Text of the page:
I Won’t Say I Read Trashy Books Anymore

My friend Melissa has a way of being kind that also makes me think.

We were out for coffee, talking about books. Specifically: about my anxiety about wanting to read more. By most measures, I read a lot, but with the advent of smart phones and parenthood, I read less then I used to. Recently, I’ve been trying to change that balance, with some success.

“I’m trying to be okay with it when I just want to read murder mysteries,” I said. “I mean, who cares if I read trashy books?”

Her eyes widened. “But they’re not trashy,” she said. “They’re light.”

I nodded, and the conversation turned to other topics. But later, considering her words, something clicked.

‘Trashy’ is kind of a mean word, isn’t it?

Melissa didn’t let me get away with using that word because it’s unkind. Why did I speak so harshly about something that brings me joy? (Because OH MY GOSH I LOVE MURDER MYSTERIES).

Would it surprise you to learn I’m an English major? English majors spend years reading Great Literature. We maybe feel slightly superior because we a) got all the way through The Sound and the Fury, b) understood it,  and c) the clincher! LIKED IT.

To paraphrase Kate Moss, nothing tastes better than hard work feels.

Except does it? Really?

I don’t just equate joy with hard work when it comes to books. If something is difficult or unpleasant, I assume it counts more. I do it in my prayer life, I do it with my kids, I do it with cooking, I do it with cleaning (why wash the car when you can detail it?)

I even do it with vacation: once I scheduled a trip to Boston for my husband and I. To save (a small amount of) money, I literally had us take planes, trains, and automobiles when an easier route existed. I just assumed that spending twice the time, 8 times the effort, and 100 dollars less was worth it.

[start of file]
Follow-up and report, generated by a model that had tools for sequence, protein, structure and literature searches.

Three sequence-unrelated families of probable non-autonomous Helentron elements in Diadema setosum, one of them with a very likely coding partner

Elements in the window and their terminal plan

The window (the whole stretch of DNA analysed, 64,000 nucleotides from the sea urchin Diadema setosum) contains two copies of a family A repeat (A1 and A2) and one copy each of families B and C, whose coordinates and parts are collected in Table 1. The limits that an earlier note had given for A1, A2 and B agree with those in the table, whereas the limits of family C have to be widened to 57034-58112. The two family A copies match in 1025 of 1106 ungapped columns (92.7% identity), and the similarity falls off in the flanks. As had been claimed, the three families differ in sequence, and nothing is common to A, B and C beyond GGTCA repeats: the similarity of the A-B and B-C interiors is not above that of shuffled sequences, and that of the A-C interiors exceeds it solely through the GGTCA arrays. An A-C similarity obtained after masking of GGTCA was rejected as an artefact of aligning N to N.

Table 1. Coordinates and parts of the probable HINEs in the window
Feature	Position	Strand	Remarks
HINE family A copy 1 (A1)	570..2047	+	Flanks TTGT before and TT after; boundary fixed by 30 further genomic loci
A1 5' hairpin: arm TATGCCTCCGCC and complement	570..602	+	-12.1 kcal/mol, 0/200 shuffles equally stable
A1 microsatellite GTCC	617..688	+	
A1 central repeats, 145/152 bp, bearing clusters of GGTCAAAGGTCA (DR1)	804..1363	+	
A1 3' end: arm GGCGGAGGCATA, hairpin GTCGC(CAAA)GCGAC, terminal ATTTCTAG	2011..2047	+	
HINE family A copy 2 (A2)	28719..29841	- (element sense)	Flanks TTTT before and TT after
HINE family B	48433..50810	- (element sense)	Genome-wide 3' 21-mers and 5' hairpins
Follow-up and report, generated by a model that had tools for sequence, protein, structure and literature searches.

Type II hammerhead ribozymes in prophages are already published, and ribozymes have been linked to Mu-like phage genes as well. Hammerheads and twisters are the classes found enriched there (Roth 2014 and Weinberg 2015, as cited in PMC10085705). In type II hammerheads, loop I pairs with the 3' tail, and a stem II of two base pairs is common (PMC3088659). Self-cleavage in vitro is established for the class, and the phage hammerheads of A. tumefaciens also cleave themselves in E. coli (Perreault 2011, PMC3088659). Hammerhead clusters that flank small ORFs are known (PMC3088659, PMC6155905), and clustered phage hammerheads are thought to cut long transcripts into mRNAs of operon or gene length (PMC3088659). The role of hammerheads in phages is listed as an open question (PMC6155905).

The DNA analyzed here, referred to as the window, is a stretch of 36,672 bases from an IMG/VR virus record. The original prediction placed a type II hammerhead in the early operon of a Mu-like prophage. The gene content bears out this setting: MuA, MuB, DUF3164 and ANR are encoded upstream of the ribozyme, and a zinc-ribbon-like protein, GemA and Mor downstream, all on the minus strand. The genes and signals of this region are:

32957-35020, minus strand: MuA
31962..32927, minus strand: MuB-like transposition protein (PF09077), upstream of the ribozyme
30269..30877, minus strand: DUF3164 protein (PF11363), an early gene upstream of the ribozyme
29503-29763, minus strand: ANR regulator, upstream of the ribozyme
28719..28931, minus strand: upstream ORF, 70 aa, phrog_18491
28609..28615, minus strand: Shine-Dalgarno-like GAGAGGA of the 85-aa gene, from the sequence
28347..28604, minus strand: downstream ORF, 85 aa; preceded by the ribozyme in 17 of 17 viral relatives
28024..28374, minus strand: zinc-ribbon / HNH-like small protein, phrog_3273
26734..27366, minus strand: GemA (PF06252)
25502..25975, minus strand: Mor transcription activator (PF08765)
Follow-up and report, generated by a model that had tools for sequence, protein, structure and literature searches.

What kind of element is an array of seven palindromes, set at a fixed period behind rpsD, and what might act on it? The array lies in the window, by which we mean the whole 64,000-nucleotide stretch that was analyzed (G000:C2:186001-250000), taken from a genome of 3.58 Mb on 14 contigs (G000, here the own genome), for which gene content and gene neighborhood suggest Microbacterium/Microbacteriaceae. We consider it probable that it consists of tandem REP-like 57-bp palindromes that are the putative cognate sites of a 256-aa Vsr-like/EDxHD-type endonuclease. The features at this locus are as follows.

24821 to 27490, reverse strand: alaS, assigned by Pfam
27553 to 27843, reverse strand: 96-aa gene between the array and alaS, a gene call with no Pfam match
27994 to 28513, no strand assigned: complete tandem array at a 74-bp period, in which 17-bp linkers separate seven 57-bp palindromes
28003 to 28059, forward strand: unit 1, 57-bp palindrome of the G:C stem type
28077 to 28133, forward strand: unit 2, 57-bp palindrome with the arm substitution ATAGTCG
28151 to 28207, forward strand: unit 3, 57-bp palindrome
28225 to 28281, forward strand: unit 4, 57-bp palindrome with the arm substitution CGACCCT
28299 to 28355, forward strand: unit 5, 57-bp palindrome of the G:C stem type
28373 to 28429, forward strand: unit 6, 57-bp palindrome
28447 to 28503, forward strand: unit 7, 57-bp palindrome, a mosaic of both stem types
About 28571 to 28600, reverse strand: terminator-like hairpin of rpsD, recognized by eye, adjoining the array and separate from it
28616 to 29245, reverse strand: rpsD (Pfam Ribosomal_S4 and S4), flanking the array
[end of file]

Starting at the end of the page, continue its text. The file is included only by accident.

When we arrived, completely exhausted, my husband asked, very nicely, that I never do that again.

I felt surprised. It didn’t give him a frisson of pleasure to know he had worked hard?

Then I realized we were on vacation.

(Now I check with him before I book red-eyes. I need to be reminded that needless effort does not win me gold stars.)

In homeschooling circles, ‘bad’ books are called twaddle (I’m looking at you, Rainbow Fairies). And yes, a lot of twaddle (for adults and kids) is poorly written, tedious, and not exactly helping us to engage with the deep questions of our time.

Still though: when I wince after my kids ask for Twaddle Part Deux, Trois, and Quatre, I see the hurt on their faces.

Then I wonder: How much am I helping them love reading when I harshly judge what they most enjoy?

How much do I help myself?

The hurt of perfectionism is the story we tell ourselves about our limits. Rather than being kind, assuming the best of ourselves, or allowing our souls some quirks, we say words like lazy or unmotivated or dumb.

What I love about Melissa’s comment is that it hinted I can change my story. I can look for light books (not ‘trashy’ ones), or say I read less because I relax in different ways these days (not because I’m “lazy”). I can stop using page counts to measure my self-worth.

If I’ve learned anything from books, it’s that words matter. They pack as much weight as a punch. They can be used to build up or tear down. They shape our minds and habits.

And the right word, the kind word, can shift our hearts.

I’m practicing ease one word at a time, one book at a time, one meal, chore, or life choice at a time. I’m learning to speak to myself how I would speak to a beloved, still-maturing child.

I’m learning that as much as hard work serves me, it’s enjoyment that brings me life.

Heather Caliri

Heather Caliri is a writer and artist from San Diego who is happily content with being an awkward Christian. Tired of anxiety controlling your life? Try her mini-course, "Five Tiny Ideas for Managing Anxiety," for free here.
Heather Caliri

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